(Editor's Note: Read more of Rick's commentary – plus photos – on the NCC Fall Leadership forum at this link here.

    You can see NCC dinner cruise and event photos at this link here.)

     

    rick-rand-great-value-homes-manufactured-home-pro-news-industry-voices-guest-blog-.pngRichard J. Rand
    President
    Great Value Homes, Inc.
    9458 N. Fairway Drive
    Milwaukee, WI 53217-1321
    414-352-3855
    414-870-9000 (cell)
    RickRand@gvhinc.net

    Unintended Consequences Can be a Good Thing

    August 15th, 2012 No comments

    Dan Rinzema posted in MHProNewsAs I read Lance Inderman's, Tyler Craddock's and DJ Pendleton's recent articles, a number of things came to my mind. One of them was The Law of Unintended Consequences. The Law of Unintended Consequences states that any purposeful action will produce some unintended, unanticipated, and unwanted consequences. A corollary states that the unintended consequences can turn out to be even more significant than the intended action.

    Except for the “unwanted” part, that is in many ways what’s happened with MHVillage since 2004, when my partners and I decided to invest substantial amounts of Datacomp’s money and employee time into it’s creation. I'll recap another time some of the good unintended consequences of MHVillage, but for the moment let me focus on something that could bring rapid, immediate value to an issue that was raised by Lance Inderman, Ronnie Richards and others here on MHProNews.com.

    Some months back, MHProNews ran a story that featured a lengthy video interview of Kevin Clayton. In it, Kevin Clayton expressed what Warren Buffett told him one day. “Kevin, it seems to me that the problem of your industry is resale.”

    Resale or a remarketing path is in part what makes conventional housing and real estate perform better.

    Conventional home builders don't have to tell a customer what their potential exit strategy is. The home buyer knows they can sell it themselves (FSBO or For Sale By Owner) or they can use a Realtor to sell their home. But what do we have in manufactured housing that works the same?

    While there has been discussion back and forth about possible resale mechanisms, or using a recent Supreme Court ruling to list and facilitate the resale of more manufactured homes, the reality is that all of those approaches have time and cost challenges. The only resource that is up and running right now today is MHVillage and our MLX system.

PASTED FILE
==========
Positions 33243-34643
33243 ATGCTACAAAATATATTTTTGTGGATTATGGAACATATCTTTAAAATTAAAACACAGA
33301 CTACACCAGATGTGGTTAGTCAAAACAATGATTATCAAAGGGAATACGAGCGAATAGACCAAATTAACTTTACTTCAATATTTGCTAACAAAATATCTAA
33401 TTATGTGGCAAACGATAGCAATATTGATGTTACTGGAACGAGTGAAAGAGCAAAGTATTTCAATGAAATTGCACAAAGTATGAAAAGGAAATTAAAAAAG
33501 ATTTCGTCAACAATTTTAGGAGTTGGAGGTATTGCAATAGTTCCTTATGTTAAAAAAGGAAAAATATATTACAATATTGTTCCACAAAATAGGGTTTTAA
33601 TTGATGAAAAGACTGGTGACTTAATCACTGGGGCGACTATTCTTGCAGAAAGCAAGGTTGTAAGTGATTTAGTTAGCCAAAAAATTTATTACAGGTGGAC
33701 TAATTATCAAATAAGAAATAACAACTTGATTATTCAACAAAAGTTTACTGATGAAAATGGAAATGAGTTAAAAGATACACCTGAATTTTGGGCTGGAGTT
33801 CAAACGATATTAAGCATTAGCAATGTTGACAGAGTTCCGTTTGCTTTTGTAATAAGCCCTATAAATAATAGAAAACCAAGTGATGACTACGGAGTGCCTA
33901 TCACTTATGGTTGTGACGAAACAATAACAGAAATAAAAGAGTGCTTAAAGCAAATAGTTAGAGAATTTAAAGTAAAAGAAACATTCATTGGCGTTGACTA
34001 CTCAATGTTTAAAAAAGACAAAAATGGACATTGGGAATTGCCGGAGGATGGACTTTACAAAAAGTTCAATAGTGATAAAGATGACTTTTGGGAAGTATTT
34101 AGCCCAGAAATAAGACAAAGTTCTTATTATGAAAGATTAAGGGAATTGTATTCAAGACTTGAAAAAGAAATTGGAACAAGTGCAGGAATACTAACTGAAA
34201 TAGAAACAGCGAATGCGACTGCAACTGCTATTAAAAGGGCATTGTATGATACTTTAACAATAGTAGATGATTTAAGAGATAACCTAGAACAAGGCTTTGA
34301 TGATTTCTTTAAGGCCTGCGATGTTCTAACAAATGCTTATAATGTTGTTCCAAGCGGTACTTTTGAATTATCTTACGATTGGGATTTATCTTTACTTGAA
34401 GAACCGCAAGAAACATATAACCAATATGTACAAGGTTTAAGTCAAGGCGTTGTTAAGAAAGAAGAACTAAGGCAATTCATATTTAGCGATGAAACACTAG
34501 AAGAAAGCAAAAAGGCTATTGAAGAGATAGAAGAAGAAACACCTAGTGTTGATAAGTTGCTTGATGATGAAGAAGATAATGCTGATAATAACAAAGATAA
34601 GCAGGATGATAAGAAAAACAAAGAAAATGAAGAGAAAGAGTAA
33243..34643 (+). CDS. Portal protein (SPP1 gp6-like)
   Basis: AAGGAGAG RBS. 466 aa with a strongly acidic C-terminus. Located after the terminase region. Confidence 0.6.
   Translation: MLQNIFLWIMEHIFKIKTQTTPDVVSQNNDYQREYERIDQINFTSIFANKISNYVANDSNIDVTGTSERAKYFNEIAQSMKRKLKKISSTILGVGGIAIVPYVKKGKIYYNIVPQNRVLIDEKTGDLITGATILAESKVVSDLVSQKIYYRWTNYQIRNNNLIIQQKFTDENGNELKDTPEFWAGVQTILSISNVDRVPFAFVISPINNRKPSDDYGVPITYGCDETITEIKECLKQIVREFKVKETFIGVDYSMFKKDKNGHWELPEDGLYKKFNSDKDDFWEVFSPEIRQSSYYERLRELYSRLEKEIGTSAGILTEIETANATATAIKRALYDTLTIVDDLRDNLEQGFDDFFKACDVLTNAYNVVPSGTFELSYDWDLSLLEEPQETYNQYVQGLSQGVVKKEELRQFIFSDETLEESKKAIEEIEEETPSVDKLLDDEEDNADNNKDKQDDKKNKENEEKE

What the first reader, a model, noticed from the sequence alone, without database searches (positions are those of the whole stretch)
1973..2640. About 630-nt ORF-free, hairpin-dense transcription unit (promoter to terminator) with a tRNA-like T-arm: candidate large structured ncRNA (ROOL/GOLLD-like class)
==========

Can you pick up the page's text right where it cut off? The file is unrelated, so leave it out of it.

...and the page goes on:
The MLX or Multiple Listing Exchange is a rapid, low cost way that the industry at large could be tapping into the potential revenue and enhanced resale value that arguably must be part of the future to manufactured housing success. That is important for lenders, who may need to sell a repossession, and would rather do it without moving the home. It is also important for homebuilders, community owner/operators, and retailers as well as those 9+ million manufactured and mobile home owners.

    Lance Inderman is correct. We have a great product in manufactured housing. Beyond his points, what keeps more well qualified potential home buyers from pulling the trigger? A 750 credit score or cash buyer customer will ask or think the following question. “What is my exit strategy when it comes time for me to sell this manufactured home?”

    When you as a manufactured homebuilder, community owner/operator, or retailer can look that 750 credit score or cash buyer in the eyes and say, well, “We have a large and active Internet marketplace called MHVillage where you can either list through a broker or sell your home yourself,” that makes sense to that strong prospective customer.

    Frankly, it was beyond our expectations that MHVillage would become what it is today, where 45,000 visitors – about 85% of whom are retail home consumers – visit daily to buy, rent, and/or use other services that all drive dollars for the manufactured home businesses involved. That was a good unintended consequence for us and others – one that I hope to cover in a future article here on MHProNews.com. But beyond MHVillage, there are other efforts that make sense for manufactured housing that can get or keep us in front of good customers interested in buying a home.